AB - Increasingly imperative objectives in ecology are to understand and forecast population dynamic and evolutionary responses to seasonal environmental variation and change. Such population and evolutionary dynamics result from immediate and lagged responses of all key life-history traits, and resulting demographic rates that affect population growth rate, to seasonal environmental conditions and population density. However, existing population dynamic and eco-evolutionary theory and models have not yet fully encompassed within-individual and among-individual variation, covariation, structure and heterogeneity, and ongoing evolution, in a critical life-history trait that allows individuals to respond to seasonal environmental conditions: seasonal migration. Meanwhile, empirical studies aided by new animal-tracking technologies are increasingly demonstrating substantial within-population variation in the occurrence and form of migration versus year-round residence, generating diverse forms of 'partial migration' spanning diverse species, habitats and spatial scales. Such partially migratory systems form a continuum between the extreme scenarios of full migration and full year-round residence, and are commonplace in nature. Here, we first review basic scenarios of partial migration and associated models designed to identify conditions that facilitate the maintenance of migratory polymorphism. We highlight that such models have been fundamental to the development of partial migration theory, but are spatially and demographically simplistic compared to the rich bodies of population dynamic theory and models that consider spatially structured populations with dispersal but no migration, or consider populations experiencing strong seasonality and full obligate migration. Second, to provide an overarching conceptual framework for spatio-temporal population dynamics, we define a 'partially migratory meta-population' system as a spatially structured set of locations that can be occupied by different sets of resident and migrant individuals in different seasons, and where locations that can support reproduction can also be linked by dispersal. We outline key forms of within-individual and among-individual variation and structure in migration that could arise within such systems and interact with variation in individual survival, reproduction and dispersal to create complex population dynamics and evolutionary responses across locations, seasons, years and generations. Third, we review approaches by which population dynamic and eco-evolutionary models could be developed to test hypotheses regarding the dynamics and persistence of partially migratory meta-populations given diverse forms of seasonal environmental variation and change, and to forecast system-specific dynamics. To demonstrate one such approach, we use an evolutionary individual-based model to illustrate that multiple forms of partial migration can readily co-exist in a simple spatially structured landscape. Finally, we summarise recent empirical studies that demonstrate key components of demographic structure in partial migration, and demonstrate diverse associations with reproduction and survival. We thereby identify key theoretical and empirical knowledge gaps that remain, and consider multiple complementary approaches by which these gaps can be filled in order to elucidate population dynamic and eco-evolutionary responses to spatio-temporal seasonal environmental variation and change.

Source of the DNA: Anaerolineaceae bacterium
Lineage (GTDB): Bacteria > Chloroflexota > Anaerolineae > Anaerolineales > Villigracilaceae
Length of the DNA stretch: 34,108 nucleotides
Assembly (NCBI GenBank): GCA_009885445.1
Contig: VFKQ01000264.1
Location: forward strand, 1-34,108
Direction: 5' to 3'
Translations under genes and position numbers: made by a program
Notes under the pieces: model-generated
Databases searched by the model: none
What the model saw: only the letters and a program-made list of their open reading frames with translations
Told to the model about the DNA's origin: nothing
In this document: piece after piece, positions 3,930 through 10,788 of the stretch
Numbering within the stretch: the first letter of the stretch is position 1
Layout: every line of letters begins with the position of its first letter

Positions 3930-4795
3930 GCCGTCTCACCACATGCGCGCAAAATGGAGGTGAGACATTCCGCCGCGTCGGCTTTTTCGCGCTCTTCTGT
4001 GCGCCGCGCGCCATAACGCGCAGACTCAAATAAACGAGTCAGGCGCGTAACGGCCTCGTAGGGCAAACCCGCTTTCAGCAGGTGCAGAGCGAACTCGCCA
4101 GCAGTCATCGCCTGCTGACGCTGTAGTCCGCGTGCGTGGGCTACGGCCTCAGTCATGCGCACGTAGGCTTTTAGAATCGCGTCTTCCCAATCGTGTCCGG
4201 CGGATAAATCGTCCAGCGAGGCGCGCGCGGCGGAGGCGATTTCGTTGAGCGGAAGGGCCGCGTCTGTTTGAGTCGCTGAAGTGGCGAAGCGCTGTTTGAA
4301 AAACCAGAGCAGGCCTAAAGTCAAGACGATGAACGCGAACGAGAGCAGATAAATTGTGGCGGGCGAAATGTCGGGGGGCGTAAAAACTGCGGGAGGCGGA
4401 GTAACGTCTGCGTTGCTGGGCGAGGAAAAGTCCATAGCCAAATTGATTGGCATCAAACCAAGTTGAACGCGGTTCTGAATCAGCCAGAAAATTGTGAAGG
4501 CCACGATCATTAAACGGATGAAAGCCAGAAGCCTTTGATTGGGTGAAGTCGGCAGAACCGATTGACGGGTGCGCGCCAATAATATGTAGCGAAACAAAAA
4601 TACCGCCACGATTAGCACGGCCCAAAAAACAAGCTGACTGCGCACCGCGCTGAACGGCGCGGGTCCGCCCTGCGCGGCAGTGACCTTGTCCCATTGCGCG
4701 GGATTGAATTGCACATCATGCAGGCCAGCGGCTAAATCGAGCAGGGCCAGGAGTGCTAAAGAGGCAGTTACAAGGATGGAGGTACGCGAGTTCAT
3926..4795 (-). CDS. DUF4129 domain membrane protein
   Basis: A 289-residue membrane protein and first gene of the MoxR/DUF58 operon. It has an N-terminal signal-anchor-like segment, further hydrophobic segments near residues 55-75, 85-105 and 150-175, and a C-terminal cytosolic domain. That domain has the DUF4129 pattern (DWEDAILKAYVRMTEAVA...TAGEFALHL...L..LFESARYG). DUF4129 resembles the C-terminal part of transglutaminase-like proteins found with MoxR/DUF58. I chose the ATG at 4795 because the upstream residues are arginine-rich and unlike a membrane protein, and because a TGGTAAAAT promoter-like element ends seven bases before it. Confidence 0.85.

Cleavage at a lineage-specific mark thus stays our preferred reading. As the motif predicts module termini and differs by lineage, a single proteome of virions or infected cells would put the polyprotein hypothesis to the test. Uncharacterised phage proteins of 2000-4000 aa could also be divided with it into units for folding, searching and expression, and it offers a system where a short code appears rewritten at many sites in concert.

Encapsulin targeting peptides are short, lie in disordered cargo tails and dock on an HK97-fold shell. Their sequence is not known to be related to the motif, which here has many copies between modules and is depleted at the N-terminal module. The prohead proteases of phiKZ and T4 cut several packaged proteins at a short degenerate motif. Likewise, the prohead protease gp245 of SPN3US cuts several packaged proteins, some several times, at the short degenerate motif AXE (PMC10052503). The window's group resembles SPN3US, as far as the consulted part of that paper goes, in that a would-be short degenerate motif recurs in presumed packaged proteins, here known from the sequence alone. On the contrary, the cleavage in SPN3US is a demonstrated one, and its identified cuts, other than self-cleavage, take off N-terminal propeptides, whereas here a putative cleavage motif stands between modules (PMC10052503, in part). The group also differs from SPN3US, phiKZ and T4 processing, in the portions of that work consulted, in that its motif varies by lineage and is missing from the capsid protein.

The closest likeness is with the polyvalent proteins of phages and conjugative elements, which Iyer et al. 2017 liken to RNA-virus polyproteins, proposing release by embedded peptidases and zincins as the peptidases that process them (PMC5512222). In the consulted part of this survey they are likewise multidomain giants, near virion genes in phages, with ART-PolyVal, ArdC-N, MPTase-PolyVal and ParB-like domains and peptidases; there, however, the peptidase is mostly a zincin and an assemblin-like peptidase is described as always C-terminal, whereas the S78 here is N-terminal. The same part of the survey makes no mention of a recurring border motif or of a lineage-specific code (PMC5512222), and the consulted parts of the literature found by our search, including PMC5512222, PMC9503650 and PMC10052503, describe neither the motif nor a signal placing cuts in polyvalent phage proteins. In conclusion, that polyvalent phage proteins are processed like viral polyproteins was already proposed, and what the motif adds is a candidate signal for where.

KW - Journal Article

U2 - 10.1111/brv.12409

DO - 10.1111/brv.12409

M3 - Article

VL - 93

SP - 1578

EP - 1603

JO - Biological reviews of the cambridge philosophical society

JF - Biological reviews of the cambridge philosophical society

SN - 0006-3231

IS - 3

ER -